In summary, we have demonstrated that the N488I mutation of γ2-AMPK modified substrate metabolism at multiple pathways via a variety of mechanisms leading to glycogen storage and eventually an active turnover of a large glycogen store. The synergistic nature of these modifications in promoting glycogen accumulation is a crucial factor in the pathogenesis of cardiac glycogen storage. Remarkably, such an extensively remodeled metabolic network is capable of maintaining energetic homeostasis in the hearts of γ2 mutant mice and supporting increased energy demand during increases in workload (14). However, the tightly protected energy homeostasis in the γ2 mutant mouse heart, inherent to the role of AMPK as a signaling intermediary linking energy demand to substrate metabolism, comes at the expense of developing glycogen storage cardiomyopathy. The metabolic phenotype demonstrated here not only provides the mechanisms for the pathogenesis of cardiomyopathy caused by Prkag2 mutations but also cautions against the use of nonselective AMPK activation in the absence of increased energy demand as a therapeutic strategy.
Animals. All animal experiments were approved by the Harvard Medical Area Standing Committee on Animals (Boston, Massachusetts, USA). All mice used were on an FVB background and studied at ages ranging 1.5–20 weeks as specified in each individual experiment. Transgenic mice were matched with WT littermates as controls.
Isolated heart perfusion and 31P NMR spectroscopy.
Mice were heparinized and anesthetized with sodium pentobarbital (100 mg/kg i.p.), and their hearts were quickly removed. Hearts were perfused in the Langendorff mode with phosphate-free Krebs-Henseleit buffer containing 118 mM NaCl, 25 mM NaHCO3, 5.3 mM KCl, 2.5 mM CaCl2, 1.2 mM MgSO4, 0.5 mM EDTA, 5 mM glucose, and 5 mM pyruvate at 37.5°C as previously described (40). All hearts were stabilized for 25 minutes at a constant perfusion pressure of 80 mmHg. A baseline 31P NMR spectrum (208 scans) was collected for all hearts after stabilization. To determine the rate of glucose uptake, hearts were perfused with a buffer in which glucose was replaced with 5 mM of the glucose analog 2-DG. Five consecutive 8-minute 31P NMR spectra were collected for determination of the time-dependent accumulation of 2-DG-phosphate (2-DG-P). The rate of glucose uptake was estimated by the slope of the fitted line as previously described (19, 41). During 2-DG perfusion, 1.2 mM KH2PO4 and 5 mM pyruvate were supplied to replenish the intracellular inorganic phosphate pool and to maintain ATP synthesis.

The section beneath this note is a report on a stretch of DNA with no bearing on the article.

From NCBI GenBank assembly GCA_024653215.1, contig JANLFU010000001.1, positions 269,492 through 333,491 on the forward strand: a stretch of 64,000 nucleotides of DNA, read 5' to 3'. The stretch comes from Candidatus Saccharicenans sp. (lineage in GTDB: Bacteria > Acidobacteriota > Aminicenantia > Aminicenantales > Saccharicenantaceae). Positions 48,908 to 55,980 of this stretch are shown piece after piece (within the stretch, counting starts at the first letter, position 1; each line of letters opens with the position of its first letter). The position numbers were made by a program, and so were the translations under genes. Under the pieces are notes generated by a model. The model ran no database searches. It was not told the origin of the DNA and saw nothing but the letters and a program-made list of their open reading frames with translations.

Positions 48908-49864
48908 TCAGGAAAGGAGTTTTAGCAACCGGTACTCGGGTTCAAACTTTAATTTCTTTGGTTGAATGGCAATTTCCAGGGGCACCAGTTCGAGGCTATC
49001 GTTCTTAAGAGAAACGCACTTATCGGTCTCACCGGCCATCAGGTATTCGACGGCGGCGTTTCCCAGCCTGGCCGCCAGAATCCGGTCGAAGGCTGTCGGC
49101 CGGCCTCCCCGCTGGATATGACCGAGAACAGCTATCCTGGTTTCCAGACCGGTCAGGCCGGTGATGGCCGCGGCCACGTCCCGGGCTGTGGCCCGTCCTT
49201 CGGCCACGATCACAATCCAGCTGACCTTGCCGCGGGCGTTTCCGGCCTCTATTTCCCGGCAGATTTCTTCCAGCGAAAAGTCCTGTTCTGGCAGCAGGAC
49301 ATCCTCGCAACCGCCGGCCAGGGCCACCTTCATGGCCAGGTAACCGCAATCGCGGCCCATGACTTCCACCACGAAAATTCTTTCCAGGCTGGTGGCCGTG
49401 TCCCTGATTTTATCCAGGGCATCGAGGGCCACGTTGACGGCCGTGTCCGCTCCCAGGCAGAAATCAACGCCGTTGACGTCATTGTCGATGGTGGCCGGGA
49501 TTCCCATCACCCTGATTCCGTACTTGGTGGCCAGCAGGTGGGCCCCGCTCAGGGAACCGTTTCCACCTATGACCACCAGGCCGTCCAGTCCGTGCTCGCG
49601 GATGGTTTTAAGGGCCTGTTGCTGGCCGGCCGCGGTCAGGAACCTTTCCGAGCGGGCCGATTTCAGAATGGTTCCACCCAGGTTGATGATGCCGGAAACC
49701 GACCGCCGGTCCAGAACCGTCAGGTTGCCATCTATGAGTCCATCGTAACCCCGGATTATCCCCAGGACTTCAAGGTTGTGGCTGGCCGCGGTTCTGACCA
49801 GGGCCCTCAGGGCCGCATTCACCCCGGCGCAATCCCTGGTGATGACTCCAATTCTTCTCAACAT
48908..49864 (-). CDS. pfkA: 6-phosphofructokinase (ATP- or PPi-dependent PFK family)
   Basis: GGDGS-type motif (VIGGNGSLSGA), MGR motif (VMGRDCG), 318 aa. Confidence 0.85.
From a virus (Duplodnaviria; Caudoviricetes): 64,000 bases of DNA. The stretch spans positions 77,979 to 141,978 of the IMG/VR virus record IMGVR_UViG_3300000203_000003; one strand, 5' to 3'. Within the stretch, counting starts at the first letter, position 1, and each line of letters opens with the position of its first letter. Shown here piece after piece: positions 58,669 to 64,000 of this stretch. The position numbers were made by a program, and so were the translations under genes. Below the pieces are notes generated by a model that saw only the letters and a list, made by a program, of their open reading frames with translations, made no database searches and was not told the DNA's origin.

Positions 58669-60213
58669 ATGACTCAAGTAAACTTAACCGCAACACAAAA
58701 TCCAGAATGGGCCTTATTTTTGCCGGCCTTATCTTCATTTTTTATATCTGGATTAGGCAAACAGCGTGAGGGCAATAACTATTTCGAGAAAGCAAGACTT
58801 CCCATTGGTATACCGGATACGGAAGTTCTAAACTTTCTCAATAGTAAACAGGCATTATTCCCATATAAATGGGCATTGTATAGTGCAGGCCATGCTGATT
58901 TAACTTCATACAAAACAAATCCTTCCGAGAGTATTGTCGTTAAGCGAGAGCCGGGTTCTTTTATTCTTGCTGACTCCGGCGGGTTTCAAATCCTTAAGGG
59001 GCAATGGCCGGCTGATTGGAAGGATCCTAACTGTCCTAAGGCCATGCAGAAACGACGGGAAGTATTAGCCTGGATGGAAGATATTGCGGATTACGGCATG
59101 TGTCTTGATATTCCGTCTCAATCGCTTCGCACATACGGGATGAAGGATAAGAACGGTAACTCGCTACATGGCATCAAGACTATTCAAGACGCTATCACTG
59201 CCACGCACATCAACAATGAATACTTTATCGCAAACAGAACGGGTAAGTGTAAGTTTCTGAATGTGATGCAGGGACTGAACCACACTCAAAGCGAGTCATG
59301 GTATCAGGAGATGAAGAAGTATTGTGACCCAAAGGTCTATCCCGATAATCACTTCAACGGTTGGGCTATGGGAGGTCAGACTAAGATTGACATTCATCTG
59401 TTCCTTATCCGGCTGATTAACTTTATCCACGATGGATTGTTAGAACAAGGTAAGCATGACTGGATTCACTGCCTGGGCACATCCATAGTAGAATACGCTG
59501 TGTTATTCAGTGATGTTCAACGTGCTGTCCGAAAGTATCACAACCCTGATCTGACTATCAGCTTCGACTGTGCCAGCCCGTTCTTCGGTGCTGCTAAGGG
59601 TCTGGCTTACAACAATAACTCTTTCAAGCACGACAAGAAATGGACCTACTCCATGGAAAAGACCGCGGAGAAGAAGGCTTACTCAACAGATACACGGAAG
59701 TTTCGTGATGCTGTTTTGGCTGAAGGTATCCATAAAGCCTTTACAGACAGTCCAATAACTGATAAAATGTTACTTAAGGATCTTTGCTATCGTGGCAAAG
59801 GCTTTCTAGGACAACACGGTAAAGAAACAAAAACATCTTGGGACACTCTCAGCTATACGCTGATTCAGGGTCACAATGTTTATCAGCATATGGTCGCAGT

The 31P NMR resonance areas corresponding to ATP, phosphocreatine (PCr), inorganic phosphate (Pi), and 2-DG-P were fitted to Lorentzian functions and corrected for saturation (ATP, 1.0; PCr, 1.2; Pi, 1.15; 2-DG-P, 1.8). The mean value of ATP concentration previously measured by HPLC for hearts of WT or γ2 mutant mice was used to calibrate the ATP peak area of the baseline 31P NMR spectrum (14). Concentrations of other metabolites were calculated using the ratio of their peak areas to the ATP peak area (40). The rate of 2-DG uptake was expressed as the slope of time-dependent changes in 2-DG-P concentration.
13C NMR spectroscopy and isotopomer analysis.
Isolated mouse hearts were perfused with Krebs buffer containing the following substrates: 5.5 mM glucose; 0.4 mM mixed long chain fatty acids (bound to 1% albumin) of 60% palmitic acid, 8% palmitoleic acid, 24% oleic acid, and 8% linoleic acid; 0.38 mM DL-β-hydroxybutyrate; 1.2 mM lactate; and 50 μU/ml insulin. Myocardial oxygen consumption was determined by measuring the coronary flow rate and the oxygen pressure difference between perfusate and effluent from the pulmonary outflow tract (42). Hearts were perfused for 45 minutes with all substrates, among which 2 were 13C enriched for each perfusion study as previously described (43). In one series, [U-13C]fatty acid and [3-13C]lactate were used to determine the relative contributions of fatty acid and lactate to acetyl-CoA. Identical experiments with enriched [U-13C]glucose and [2,4-13C]β-hydroxybutyrate determined the relative contributions of these 2 substrates. Proton-decoupled 13C NMR (9.4T, 102.8 MHz) spectra of cardiac tissue extracts were acquired using a 3-mm NMR probe (Varian Medical Systems). The contributions of each labeled substrate and the total of unlabeled substrates to the oxidative metabolism were determined using the 13C isotopomers peak areas of the C3 and C4 of glutamate by modeling the tricarboxylic acid cycle fluxes as previously described (44, 45). The contribution from unlabeled endogenous substrates was determined as the difference from 100%.
In a separate cohort of hearts, dynamic incorporation of [1-13C]glucose into the C-1 resonance of glycogen was assessed. 13C NMR spectra of the perfused adult hearts (7–10 weeks old) were averaged for 8-minute intervals until the 13C glycogen peak area reached a steady state (approximately 2 hours). The spectra were calibrated using an external standard of [1-13C]glucose. Due to their much smaller heart size, the spectra of 3-week-old mouse hearts were averaged for 24-minute intervals during the 2-hour perfusion. Hearts were freeze-clamped at the end of perfusion for biochemical assays and 13C isotopomer analysis as described above.
Biochemical assays and Northern and Western blotting. Ventricular tissue (approximately 10 mg) was homogenized for 10 seconds at 4°C in potassium phosphate buffer containing 1 mmol/l EDTA and 1 mmol/l β-mercaptoethanol, pH 7.4 (final concentration, 5 mg tissue/ml). Aliquots were removed for assays of protein content using BSA as the standard (46). Tissue activities of UDPG-PPL were determined before and after treatment with phosphatase as previously described (47). GS activity was determined as previously described with increasing concentrations of G-6-P (0, 0.0625, 0.125, 0.5, 2.0, and 7.5 mM) in the presence of 4.5 mM UDPG (48).